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Wednesday, February 13, 2013

How to make your own ultrasound gel (which is also sterile and edible and environmentally friendly)

I have been doing lots of bedside ultrasound lately and realized how useful it would be in areas far off the beaten track like Haiti, for instance. With a bedside ultrasound (mine fits in my pocket) I could diagnose heart disease, kidney and gallbladder problems, various cancers as well as lung and intestinal diseases. Then I realized that I would have to take a whole bunch of ultrasound gel with me which would mean that I would have to check luggage, which is a real pain when traveling light to a place where luggage disappears. I heard that you can use water, or spit, in a pinch, or even lotion, though oil based coupling media apparently break down the surface of the transducer. Or, of course, you can just use ultrasound gel.

Ultrasound requires an aqueous interface between the transducer and the skin or else all you see is black. Ultrasound gel is a clear goo, looks like hair gel or aloe vera, and is made by several companies out of various combinations of propylene glycol, glycerine, perfume, dyes, phenoxyethanol or carbapol R 940 polymer along with lots of water. It is hard to find this information, but it is available in the material data safety sheets for the various companies that make it. The recipes are proprietary. Ultrasound gel is not super expensive, but it is not that easy to find in a store or in a developing country. It costs about $25 for 5 liters on Amazon, or $5 for a nice 8.7 oz squeeze bottle. It smells ever so slightly medicinal and leaves a sticky, then dry white residue as it dries.

There should really be some sort of powder that you mix up with water that makes ultrasound gel so we don't have to be shipping the water part of it, which is undoubtedly about 99% of the contents, long distances. But there isn't a powder. I have been looking. No instant ultrasound gel.

With a mixture of optimism and singularity of purpose I went to the kitchen and tried out 6 different recipes for an aqueous goo that would transmit sound waves. I thought that I could make ultrasound jam out of water and pectin, but that doesn't really work. Obviously there is something magic about fruit that makes pectin gel, maybe the acid or the sugar. Without fruit, even no-sugar pectin becomes about the consistency of spit. (I also tried spit, which does work, but has various obvious drawbacks.) I tried plain gelatin and water and got beautiful clear jello, which falls off the transducer, but kind of works, but is also messy. I tried corn starch and water, as if making extremely boring gravy. That was lovely and white, but the water wants to come out of it so it just slides off the transducer. I tried tapioca flour which I boiled with water, producing a nice clear, very mucoid gel which dries like glue on the skin and is very uncomfortable. I tried xanthan gum, a bacterial polysaccharide used to bind and thicken, boiled and cooled, and although it thickens the water it is slimy and falls off the transducer and makes a mess.

The recipe that worked (and worked great) is guar gum, salt and water. Guar gum has been used for a very long time in countries like India and Pakistan to thicken food and is now used often by people who can't eat gluten, to thicken gravies and make breads. Guar gum is the ground endosperm of the guar bean, which is very rich in a carbohydrate that avidly absorbs water. Guar beans are also eaten green and the pods are used as a vegetable ingredient after shelling out the beans. Guar gum is available in the flour section of many grocery stores and costs about $10 for a 220 gram bag. It is purported to be good for diarrhea, constipation, diabetes and lowering cholesterol. It has been added to infant tube feed formula in intensive care units to decrease stool frequency.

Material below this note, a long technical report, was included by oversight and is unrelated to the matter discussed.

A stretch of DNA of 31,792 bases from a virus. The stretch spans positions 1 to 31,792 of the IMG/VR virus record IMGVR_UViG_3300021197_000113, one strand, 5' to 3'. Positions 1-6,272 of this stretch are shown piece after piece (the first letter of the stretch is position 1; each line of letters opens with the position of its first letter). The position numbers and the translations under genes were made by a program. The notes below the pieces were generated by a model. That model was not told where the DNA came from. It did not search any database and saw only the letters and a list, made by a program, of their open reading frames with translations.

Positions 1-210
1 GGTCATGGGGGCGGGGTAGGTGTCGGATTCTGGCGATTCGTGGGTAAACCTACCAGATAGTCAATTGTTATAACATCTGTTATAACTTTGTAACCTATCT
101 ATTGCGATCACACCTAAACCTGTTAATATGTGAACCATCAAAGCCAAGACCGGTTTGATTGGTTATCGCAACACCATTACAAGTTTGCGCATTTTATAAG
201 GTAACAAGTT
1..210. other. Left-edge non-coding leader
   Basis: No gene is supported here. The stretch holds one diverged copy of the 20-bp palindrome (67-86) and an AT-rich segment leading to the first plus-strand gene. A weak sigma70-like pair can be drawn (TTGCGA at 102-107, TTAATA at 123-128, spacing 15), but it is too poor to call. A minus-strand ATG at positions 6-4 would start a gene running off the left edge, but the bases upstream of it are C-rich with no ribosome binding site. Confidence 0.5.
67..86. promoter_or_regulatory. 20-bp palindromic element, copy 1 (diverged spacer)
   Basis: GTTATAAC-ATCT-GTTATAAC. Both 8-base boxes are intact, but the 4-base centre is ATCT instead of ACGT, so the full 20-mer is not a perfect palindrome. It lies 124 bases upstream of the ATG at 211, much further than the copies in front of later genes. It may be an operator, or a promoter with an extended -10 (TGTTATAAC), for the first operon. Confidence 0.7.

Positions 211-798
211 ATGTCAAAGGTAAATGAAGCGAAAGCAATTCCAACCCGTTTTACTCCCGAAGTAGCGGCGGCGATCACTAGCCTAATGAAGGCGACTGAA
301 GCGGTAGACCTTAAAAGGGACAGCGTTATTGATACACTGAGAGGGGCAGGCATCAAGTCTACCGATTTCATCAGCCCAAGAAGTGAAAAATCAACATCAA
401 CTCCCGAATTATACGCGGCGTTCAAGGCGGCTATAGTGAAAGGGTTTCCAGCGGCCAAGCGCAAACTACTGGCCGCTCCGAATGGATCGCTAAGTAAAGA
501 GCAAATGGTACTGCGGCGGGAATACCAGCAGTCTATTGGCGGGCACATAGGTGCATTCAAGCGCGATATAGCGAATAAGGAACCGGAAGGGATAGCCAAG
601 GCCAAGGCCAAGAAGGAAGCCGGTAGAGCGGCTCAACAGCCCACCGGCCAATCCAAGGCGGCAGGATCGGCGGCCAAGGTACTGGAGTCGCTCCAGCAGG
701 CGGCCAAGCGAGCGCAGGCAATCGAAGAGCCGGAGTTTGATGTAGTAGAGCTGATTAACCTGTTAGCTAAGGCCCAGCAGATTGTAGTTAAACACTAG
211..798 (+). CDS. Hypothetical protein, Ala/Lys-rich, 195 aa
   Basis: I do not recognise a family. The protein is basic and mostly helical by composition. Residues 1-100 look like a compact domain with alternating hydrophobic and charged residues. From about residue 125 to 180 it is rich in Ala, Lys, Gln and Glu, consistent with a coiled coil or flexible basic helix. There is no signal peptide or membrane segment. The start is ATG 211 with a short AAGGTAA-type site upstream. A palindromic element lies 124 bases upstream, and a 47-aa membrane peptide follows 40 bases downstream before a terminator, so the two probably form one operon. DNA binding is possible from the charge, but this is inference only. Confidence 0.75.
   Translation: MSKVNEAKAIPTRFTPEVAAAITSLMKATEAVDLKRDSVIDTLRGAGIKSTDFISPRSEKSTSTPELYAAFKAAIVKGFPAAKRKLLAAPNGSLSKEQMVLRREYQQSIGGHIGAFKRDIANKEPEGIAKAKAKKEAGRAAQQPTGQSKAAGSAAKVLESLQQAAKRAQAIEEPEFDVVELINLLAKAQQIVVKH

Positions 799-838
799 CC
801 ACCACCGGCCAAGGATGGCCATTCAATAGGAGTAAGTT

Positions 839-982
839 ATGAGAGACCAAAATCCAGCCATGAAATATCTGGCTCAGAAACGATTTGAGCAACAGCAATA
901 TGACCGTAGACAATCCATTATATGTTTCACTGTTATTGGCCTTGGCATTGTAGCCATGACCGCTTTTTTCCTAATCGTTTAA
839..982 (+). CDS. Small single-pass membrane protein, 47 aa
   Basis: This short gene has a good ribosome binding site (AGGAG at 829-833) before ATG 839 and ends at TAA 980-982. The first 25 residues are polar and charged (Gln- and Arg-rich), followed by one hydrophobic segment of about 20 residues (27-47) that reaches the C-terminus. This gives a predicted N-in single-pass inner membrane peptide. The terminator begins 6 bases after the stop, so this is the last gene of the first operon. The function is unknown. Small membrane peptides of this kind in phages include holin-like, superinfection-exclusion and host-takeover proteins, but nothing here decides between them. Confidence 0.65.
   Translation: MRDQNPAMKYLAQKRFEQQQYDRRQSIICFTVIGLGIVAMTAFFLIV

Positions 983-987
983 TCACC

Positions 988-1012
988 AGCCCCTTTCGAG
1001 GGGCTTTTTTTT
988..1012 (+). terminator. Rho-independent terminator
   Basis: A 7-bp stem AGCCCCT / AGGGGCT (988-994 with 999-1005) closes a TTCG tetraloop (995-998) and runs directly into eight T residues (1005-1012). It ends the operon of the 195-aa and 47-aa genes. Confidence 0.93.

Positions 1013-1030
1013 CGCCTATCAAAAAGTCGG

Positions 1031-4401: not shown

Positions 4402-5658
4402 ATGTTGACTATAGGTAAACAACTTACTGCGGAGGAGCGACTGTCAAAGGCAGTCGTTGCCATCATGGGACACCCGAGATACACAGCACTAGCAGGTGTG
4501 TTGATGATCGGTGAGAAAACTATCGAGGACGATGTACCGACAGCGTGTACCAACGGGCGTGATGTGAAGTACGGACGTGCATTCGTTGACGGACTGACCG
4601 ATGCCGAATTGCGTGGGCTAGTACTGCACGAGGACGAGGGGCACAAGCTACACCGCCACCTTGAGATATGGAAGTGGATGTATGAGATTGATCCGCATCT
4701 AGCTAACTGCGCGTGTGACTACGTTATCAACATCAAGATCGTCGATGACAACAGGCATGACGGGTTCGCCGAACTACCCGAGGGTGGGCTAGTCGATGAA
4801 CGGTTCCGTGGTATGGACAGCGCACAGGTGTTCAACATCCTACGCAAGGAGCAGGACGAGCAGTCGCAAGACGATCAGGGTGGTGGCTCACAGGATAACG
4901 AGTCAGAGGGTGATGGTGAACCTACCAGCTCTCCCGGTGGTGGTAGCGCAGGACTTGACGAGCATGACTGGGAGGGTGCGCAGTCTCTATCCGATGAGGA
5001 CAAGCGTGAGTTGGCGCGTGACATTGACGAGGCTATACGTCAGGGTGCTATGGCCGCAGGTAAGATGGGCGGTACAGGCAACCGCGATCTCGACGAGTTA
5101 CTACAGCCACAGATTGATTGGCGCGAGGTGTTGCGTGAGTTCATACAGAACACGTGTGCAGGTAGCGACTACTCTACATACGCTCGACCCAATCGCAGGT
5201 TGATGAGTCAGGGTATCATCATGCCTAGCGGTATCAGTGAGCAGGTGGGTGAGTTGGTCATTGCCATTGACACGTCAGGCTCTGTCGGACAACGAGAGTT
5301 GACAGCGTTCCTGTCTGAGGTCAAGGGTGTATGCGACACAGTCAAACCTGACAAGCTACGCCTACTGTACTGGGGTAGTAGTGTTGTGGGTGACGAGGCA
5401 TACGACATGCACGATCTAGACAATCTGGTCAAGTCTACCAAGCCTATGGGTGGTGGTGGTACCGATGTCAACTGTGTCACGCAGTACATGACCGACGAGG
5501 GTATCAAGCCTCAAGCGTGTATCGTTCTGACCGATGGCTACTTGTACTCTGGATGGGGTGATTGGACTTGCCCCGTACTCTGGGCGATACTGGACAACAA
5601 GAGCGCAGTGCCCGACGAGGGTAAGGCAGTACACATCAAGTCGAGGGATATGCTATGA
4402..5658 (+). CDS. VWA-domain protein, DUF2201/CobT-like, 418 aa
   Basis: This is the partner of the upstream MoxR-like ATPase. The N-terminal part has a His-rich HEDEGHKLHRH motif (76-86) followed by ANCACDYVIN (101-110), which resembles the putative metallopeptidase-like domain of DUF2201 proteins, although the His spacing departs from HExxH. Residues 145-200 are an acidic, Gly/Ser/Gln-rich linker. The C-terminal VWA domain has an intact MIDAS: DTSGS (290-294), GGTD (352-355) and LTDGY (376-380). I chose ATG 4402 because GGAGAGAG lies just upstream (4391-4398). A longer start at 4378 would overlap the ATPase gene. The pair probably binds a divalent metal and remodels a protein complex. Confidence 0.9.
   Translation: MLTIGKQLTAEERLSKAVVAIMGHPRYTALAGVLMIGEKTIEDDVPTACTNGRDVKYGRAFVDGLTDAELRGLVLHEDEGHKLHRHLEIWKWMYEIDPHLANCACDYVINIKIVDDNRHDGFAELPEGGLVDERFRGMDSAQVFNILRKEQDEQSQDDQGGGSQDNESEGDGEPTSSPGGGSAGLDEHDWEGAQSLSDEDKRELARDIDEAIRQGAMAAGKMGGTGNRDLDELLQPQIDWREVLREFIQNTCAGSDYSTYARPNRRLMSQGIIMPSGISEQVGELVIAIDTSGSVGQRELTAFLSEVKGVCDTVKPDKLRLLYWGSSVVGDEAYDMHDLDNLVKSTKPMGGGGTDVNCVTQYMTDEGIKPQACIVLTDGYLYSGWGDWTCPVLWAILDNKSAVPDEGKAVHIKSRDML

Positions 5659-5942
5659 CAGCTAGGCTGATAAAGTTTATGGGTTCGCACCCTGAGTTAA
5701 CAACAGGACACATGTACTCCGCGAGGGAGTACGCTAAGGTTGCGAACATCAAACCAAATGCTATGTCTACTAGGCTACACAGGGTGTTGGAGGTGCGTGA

I messed with the recipe awhile and came up with a very nice slightly caramel tinged ultrasound gel this way:

1. Mix 2 teaspoons of guar gum with 1-2 teaspoons of salt. (The amount of salt isn't vitally important since it is just added to keep the guar gum from clumping. Using slightly less than a teaspoon of salt per 2 cups makes a gel with which is isotonic, which would be ideal for use near eyes or other mucus membranes or on open wounds).

2. Boil two cups of water.

3. Slowly sprinkle the guar gum/salt mixture into the boiling water while stirring vigorously with a fork or whisk.

4. Boil for about 1-2 minutes until thick and well mixed.

5. Cool before using. Save lives.

This is wonderful ultrasound gel (see photo above). I tried it and it works at least as well as the proprietary stuff, and probably doesn't dry out quite as fast. It wipes off easily and doesn't leave a sticky film. Even though it is not entirely transparent, there is no reduction in the quality of the ultrasound image compared with the standard clear ultrasound gel. It costs about 25 cents for a half pint, is sterile when you have finished making it and is completely non-toxic. The ingredients are available in many developing countries, not to mention the US. It is edible. It is not particularly bacteriostatic, though it could be made bacteriostatic with a little EDTA (but then it wouldn't be edible). It is probably best made and used for a couple or 3 days, then discarded if unused, though I kept some in a clean bottle at room temperature and it was stable and smelled fresh for over a week.